For months because of covid19, Glasgow has been in lockdown, level 3, which meant that we were not allowed to travel outside the city. These restrictions were lowered to level two this weekend, meaning we could now travel outside our city. Stasia had some business to do in Drymen, one of the routes of my cycling outings. So I went with her, but by car this time. It hadn’t changed much, still the quiet little village, a few shops a couple of tearooms and a grassy square with a couple of pubs/hotels. However, a two tearooms had gone and there seem to be quite a few very large and expensive looking cars dotted around the square. We had lunch in the garden of the Winnock Hotel on the square, very nice indeed.
A part from cycling that area many times, it was one of our walking routes in the days before my cycling era. So we decided to go on and visit Balmaha, four miles further on, and Rowardennan, the end of the road there. Back then Balmaha was a quiet little place on the shore of Loch Lomond, a tearoom, a hotel, a small pier and a few boats bobbing about. We could sit on the shore where mallard ducks usually came by to see what you had to offer. So quiet the tearoom eventually closed. Rowardennan was about 5-6 miles further on, a dead end place with a small hotel that always seem to be closed when you wanted something to eat, and a youth hostel. It was the common starting point for climbing Ben Lomond, which was our only reason for going to Rowardennan.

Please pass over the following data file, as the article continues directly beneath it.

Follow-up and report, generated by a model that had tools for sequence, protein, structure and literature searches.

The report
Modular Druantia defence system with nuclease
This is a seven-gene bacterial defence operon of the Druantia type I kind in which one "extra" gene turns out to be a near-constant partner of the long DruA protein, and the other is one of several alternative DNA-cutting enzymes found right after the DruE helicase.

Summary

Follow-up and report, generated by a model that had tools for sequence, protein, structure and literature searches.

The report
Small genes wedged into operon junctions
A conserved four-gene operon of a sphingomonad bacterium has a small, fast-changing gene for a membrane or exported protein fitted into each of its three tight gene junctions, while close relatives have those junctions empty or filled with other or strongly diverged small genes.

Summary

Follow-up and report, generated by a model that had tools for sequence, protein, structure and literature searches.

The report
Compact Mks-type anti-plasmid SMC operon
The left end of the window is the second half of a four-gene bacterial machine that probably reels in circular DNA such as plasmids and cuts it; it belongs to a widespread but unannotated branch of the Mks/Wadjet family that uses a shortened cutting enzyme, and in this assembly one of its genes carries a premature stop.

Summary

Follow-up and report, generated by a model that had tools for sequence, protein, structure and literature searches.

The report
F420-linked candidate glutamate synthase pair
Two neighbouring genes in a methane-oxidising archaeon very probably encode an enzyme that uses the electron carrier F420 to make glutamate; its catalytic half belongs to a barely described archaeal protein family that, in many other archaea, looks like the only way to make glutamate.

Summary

As we arrived at Balmaha I went into a state of shock, the place was packed with people, two car parks were full, and cars were parked in odd places along the road. You couldn’t see the shore for people, the quiet hotel was festooned with sun umbrellas, all full with people eating. Balmaha is on the famous walk, “the West Highland Way” and there was a steady stream of walkers in groups of 2, 3 and 6’s making their way along the route. We didn’t stop and decide just to go on to quiet Rowardennan.
It is still a beautiful route as it twists and turns through a lot of untouched forest, dotted with the odd cottage and farm. We stopped at one point just to listen to the birds, amazing. However, the route has changed, every so often there is an entrance and caravan park, some with lodges, camper vans and “glamping”, all busy. This meant the the quiet twisting road was very busy with cars. On reaching Rowardennan, again, shock. The dark old quiet hotel was now a large white building with lots of facilities, a car park which you have to pay to stop there. We pulled into the car park and watched about 25 or more walkers in a long straggling line make there way into the hotel. Of course we didn’t pay at the car park, we just turned round and head back home. I’m still in shock at the change and massive commercialisation of that wild and beautiful part of our land that I once walked for solitude and to escape from the buzz of city life. I suppose, one of the outcomes of living so long.
A few photos on route:
The blueish haze are bluebells, a beautiful little woodland flower.
Visit ann arky’s home at https://radicalglasgow.me.uk